Walking to our roastery one morning a few weeks after we bought Spring Valley Coffee in 2018, I saw a bag of our coffee on the side of the road, presumably having fallen off the back of a garbage truck.
Almost from the day we took over the business, we have been acutely aware of the environmental impact of our business, from the roasting process, to the packaging we use — not to mention the single-use cups our customers were using almost daily.
Do the Right Thing — for coffee and the environment
One of our core values is to Do the Right Thing, which amongst other things, means that we take a long-term view; combined with a deep sense of responsibility to protect our environment, we believe that we have to be a force for good as we grow our business.
Bags, which represent a significant part of our business, are the first area we have begun to address. It is worth understanding the factors that we consider before selecting packaging materials:
- protecting the coffee: oxygen, carbon dioxide, light & heat are all enemies of great coffee; aluminium foil & plastic laminates provide an effective barrier against these;
- aesthetics: easy to brand, keep clean, and transport;
- affordability: being able to keep a bag of coffee affordably priced;
- ease of recycling.
We always had the intention to move to packaging that is more sustainable; it has taken longer than we would like, and has taken more (mis)steps than we would have wanted, but they are all lessons learnt getting us to where we are today!
We also believe that actions speak louder than words, so committed to planting one seedling through Seedballs Kenya for every non-sustainable bag that we have used.
Evolution of our Packaging
Over time, our coffee packaging solution has evolved from:
Aluminium Foil Bags which we inherited when we took over the business in mid 2018:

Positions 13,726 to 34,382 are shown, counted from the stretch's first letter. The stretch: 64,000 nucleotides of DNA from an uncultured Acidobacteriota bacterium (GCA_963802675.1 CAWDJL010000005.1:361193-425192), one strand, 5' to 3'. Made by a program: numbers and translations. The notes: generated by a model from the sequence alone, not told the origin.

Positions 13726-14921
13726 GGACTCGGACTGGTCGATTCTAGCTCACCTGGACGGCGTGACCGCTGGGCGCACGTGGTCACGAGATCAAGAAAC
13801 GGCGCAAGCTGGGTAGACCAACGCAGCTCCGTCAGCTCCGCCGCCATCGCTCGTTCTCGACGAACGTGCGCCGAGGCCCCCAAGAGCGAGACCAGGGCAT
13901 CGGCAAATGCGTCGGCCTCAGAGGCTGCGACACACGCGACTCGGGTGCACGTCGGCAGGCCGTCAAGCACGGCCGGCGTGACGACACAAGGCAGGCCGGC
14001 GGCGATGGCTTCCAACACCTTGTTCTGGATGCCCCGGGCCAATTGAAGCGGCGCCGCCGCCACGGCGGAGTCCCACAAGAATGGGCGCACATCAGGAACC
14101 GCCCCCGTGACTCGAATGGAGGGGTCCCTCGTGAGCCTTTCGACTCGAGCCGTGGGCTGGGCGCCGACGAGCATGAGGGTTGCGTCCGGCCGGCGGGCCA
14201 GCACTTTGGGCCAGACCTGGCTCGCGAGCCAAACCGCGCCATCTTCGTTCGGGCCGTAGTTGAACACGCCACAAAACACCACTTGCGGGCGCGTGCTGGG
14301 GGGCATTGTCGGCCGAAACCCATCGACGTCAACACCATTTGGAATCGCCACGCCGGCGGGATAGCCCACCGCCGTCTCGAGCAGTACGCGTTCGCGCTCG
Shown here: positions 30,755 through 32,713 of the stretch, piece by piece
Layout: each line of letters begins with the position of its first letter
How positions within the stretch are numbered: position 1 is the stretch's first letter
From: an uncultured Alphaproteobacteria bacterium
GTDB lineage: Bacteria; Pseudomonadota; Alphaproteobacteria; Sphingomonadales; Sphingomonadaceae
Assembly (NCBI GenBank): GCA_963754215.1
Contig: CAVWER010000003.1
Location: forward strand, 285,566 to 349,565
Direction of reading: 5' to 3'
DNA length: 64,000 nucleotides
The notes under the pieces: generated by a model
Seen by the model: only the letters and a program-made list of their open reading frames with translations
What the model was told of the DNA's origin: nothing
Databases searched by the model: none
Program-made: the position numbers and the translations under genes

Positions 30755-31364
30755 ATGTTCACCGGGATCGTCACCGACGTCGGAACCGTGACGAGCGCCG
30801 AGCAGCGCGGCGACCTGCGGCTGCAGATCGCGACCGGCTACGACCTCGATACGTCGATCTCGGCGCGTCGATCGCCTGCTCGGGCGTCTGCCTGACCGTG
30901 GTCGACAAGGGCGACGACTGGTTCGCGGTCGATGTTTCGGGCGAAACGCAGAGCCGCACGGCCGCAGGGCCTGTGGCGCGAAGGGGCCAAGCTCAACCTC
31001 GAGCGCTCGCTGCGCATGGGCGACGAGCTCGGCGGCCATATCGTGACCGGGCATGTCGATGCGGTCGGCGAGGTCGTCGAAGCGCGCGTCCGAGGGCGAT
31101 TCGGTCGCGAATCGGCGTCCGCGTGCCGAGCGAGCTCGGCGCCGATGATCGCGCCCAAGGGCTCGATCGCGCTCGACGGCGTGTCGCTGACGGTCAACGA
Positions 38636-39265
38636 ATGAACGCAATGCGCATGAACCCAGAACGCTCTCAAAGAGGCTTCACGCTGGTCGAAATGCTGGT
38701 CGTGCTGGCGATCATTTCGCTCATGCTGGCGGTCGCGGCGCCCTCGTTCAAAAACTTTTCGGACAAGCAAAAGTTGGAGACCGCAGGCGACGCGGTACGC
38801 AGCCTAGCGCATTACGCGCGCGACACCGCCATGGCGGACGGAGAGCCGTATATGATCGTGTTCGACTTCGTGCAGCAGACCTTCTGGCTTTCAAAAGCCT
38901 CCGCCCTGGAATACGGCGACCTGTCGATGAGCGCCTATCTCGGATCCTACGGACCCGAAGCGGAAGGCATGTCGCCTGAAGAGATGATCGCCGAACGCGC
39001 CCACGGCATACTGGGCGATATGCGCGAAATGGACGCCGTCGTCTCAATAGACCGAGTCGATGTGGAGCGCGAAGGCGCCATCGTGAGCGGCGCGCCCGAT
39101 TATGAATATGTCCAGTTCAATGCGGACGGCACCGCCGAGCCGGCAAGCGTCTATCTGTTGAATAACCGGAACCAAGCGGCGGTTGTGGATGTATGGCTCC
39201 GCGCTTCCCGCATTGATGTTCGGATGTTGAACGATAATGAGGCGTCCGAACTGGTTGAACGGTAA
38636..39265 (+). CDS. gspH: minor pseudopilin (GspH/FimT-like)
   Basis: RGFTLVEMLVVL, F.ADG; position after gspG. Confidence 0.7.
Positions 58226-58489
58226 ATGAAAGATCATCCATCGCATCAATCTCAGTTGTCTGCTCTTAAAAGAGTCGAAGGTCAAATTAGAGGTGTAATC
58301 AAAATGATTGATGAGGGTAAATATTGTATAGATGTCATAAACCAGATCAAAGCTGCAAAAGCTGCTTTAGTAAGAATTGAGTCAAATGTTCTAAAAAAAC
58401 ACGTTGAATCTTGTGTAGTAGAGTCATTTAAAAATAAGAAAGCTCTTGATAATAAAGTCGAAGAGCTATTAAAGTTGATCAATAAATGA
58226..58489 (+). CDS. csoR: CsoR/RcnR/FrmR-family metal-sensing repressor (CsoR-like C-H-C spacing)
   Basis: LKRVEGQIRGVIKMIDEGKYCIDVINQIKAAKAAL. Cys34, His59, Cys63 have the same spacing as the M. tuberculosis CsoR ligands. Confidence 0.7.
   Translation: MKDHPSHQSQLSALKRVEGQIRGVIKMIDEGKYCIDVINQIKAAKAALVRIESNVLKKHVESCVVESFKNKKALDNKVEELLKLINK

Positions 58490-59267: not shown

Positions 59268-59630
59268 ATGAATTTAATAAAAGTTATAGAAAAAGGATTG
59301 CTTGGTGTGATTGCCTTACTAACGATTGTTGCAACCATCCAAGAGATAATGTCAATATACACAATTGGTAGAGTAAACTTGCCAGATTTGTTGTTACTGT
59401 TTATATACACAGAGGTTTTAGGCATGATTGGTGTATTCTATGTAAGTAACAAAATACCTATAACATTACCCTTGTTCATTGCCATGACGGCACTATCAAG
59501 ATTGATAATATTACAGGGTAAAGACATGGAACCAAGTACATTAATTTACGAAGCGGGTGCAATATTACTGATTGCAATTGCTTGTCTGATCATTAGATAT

- While these were simple, with multiple layers of foil & plastic laminates such as PET (polyethylene terephthalate) & PE (polyethylene);
- They neither looked nor were environmentally friendly, so we made the change to…
Kraft Paper Bags in late 2018, not only because they looked & felt artisanal and hand-made, but because we believed that they were easier to recycle and better for the environment:
- However, we quickly learnt that in addition to the Kraft paper, these bags are reinforced with up to four layers of aluminium foil & plastic film laminates to improve the barrier properties;
- We came to conclusion that Kraft is the worst, as the paper layer is virtually impossible to separate from the aluminium & plastic film layers of PET & PE, so we made a change in 2019 to…
Plastic Bags. These are multi-layer plastic bags which forward-thinking coffee roasters globally were moving to as they provide all the positive attributes of the barriers, but without Kraft paper and aluminium foil layers, making it easier to recycle:
- We saw it as a stop-gap until we were able to introduce a compostable bag;
- As we wound down our stock and were about to introduce what we believed was a residential compostable bag, COVID struck!
- In late 2020 we placed our first order for…
Compostable Bags, which arrived in time for the Christmas 2020 season:
- Compostable bags are made of PLA (polylactic acid), a toxin-free bioplastic: (a bioplastic is a polymer that is made from a renewable resource, such as maize, cornstarch or sugarcane);
- Polymers are ideally broken down through industrial composting, and where available (primarily in the global north), this takes about 3 weeks;
- In the absence of industrial composting, PLA can take 3 months to decompose in controlled composting environments: On further inquiry, we learnt that in order to make the PLA break down faster, it often contains chemical additives which pollute the compost flow;